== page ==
Welcome. This class examines
theoretical foundations and current issues in international relations. The title of the course is something of
an historical relic, referring specifically to political relations between states. "IR" today attends to political
relations between states, but also acknowledges aspects of post-Westphalian
global politics, as well as the expansion from "political" to
political, economic, cultural, technological and other issues among states and
Joseph S. Nye, Jr. and Daniel Welch, Understanding
Global Conflict and Cooperation, (8th edition) - you should be able to get
the 8th edition used online for under $10. You do not need the 9th edition.
Art and Jervis, International Politics - 9th edition.
You should get this online - you can find it used for less than $10 on bn.com
and amazon.com. You should get the 9th edition. Later editions cost $100 or more.
Rory Stewart, The Prince of the Marshes
(any edition incl ebooks).
Online subscription to foreignpolicy.com.
The course has five
required purchases. Nye and
Welch's Understanding Global Conflict and
Cooperation (8th edition) will serve as our textbook. Art and Jervis' International Politics (9th edition) will serve as our
reader. You can find these recent editions used online for $10 or less. We will read parts of Saima Wahab's In My Father's Country (any edition) and
Rory Stewart's The Prince of the
Marshes (any edition) toward the end of the semester (both widely available online). Fourth, you are to subscribe to
foreignpolicy.com. If you
subscribe with your .edu email, the cost is $2.49 per month; you can cancel
anytime (after the semester).
readings will be available on blackboard (https://blackboard.cua.edu/).
responsible for all of the specific readings assigned below, whether we discuss
them in class or not, and everything we discuss in class, whether it relates to
a particular reading or not.
The goals of this course are for you to develop a basic foundation in
the concepts and issues in international relations, in preparation for the rest
of your MAIA courses. The method
is by combining an introduction to key ideas of the past century with analysis
of current issues. Your full, active, attentive, inquisitive approach to this
course should broaden and deepen your understanding of a wide range a political
science topics and policy issues.
secondary goal of the course is to acquire an increased sense of
"international relations" as an applied field of political
science. Washington offers one of
the world's best places to do this. You will be responsible for at least one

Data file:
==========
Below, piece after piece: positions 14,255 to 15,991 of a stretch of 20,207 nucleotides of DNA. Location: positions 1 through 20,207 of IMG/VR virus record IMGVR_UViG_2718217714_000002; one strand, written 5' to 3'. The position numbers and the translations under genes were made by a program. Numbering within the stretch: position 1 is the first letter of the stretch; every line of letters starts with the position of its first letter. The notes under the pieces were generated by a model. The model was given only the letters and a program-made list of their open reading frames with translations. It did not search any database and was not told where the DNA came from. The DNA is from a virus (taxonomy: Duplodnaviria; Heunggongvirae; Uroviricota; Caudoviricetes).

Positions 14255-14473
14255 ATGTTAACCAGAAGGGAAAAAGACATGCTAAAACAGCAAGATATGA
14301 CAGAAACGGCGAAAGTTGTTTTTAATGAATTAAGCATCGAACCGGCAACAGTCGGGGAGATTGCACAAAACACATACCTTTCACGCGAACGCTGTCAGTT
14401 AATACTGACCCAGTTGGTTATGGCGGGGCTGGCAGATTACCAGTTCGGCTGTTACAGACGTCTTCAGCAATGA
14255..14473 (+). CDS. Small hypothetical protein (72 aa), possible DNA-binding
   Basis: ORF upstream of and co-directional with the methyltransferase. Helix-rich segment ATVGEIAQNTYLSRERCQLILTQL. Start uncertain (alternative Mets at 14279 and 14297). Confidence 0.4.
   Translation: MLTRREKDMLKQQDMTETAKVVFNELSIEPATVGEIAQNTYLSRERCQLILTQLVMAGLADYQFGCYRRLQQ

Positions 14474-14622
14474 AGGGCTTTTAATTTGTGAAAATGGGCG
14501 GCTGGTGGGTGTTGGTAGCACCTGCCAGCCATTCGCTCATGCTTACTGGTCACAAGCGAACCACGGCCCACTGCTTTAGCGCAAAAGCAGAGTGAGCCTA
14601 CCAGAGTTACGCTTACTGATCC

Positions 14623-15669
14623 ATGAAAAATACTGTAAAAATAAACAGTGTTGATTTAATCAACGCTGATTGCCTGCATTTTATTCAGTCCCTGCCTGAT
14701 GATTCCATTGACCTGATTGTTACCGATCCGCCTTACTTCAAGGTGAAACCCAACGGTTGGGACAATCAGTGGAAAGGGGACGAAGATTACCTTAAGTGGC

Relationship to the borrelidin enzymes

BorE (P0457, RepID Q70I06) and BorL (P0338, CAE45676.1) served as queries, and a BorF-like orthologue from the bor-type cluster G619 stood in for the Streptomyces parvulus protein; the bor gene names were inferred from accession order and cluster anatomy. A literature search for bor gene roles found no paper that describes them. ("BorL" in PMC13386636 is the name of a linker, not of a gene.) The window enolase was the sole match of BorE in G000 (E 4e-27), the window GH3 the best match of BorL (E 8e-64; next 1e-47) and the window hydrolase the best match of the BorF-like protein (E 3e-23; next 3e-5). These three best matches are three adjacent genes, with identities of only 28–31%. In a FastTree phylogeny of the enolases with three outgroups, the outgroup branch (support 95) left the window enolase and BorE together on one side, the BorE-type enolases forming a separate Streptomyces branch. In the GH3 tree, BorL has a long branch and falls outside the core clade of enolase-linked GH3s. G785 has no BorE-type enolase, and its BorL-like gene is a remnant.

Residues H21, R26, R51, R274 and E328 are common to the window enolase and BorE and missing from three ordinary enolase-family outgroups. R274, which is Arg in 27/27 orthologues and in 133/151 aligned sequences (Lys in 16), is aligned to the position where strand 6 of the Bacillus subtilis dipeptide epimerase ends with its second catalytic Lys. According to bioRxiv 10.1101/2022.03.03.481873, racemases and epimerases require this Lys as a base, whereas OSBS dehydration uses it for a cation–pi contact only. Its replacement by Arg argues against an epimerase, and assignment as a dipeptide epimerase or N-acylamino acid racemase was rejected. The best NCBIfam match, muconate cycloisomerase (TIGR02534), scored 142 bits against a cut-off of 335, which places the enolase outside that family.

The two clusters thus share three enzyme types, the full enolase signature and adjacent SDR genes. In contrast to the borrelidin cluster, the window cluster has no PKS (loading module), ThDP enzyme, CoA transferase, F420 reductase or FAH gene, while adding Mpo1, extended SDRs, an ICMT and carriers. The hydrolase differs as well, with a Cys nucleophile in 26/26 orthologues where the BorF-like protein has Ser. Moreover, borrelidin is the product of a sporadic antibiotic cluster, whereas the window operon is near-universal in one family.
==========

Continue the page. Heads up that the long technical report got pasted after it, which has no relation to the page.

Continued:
short report/reflection on an event on the practice of international
relations. We will discuss this in
particular note on this course is that it does not require higher
mathematics. I urge you, however,
to take at least one statistics course during your college coursework.
ask me also about the three numbers you should always know, and why they
Course requirements. This course is designed to help you complete one of the two seminar
papers required in the MAIA program.
You may, however, choose a seminar or non-seminar option.
If you choose the non-seminar option, your written
assignments will include: two
significant papers (30% and 30% of your course grade); two-page weekly analyses
of the readings (weeks 4, 5, 6, 9, 10, 12, for 25%); two-page short analyses
(two total) of a current/news example of international relations (5%). You will attend (at least) one
off-campus event on the subject of international relations, with a very brief
For your primary
research paper for the semester, you may choose any theme, case study or
comparison as your topic. Your
paper itself will answer a question that you have developed (with my
consultation). You can
expect it to be approximately 4,000 words, plus a summary cover sheet that we
will discuss. Second is the final
exam, approx. 2,500 words, which we will discuss in advance. You will be asked to post on Blackboard
your thoughts on the readings for the next day, in approx. 250-300 words. Thoughtful, intelligent participation
in class may add up to 10% to your grade.
If you choose the seminar option, instead of two
significant papers, you will write one seminar-length paper in accordance with
the standards set forth by the Politics department for fulfillment of one of
the two the seminar papers required before you are permitted to take your comprehensive
examinations. Seminar option: Your seminar paper will total
approximately 6500-7000 words (50 percent of grade); you will outline but not
write your final exam (10 percent).
Other assignments are the same.
We will discuss all of these requirements, including specific paper
requirements, throughout the semester.
"suggestions."You are expected to complement your study of
globalization with an increased awareness of current events. You are
specifically directed to the Washington Post (washingtonpost.com) and the
international edition of the New York Times, global.nytimes.com. You are encouraged also to see the Wall
Street Journal, Financial Times, the Economist and others. We will
discuss good approaches to each of these.
include class attendance, thorough reading of the assignments
before class, and class
participation. You are responsible for all the reading material
regardless of whether we
discuss it in class, and for all class discussions regardless of
whether the material
relates to an assigned reading. Attendance is not optional; you need
discuss any absences,
before class. More than one unexcused absence will count against your grade.
Additionally, there may be required attendance for guest lecturers at times
other than the normal class schedule.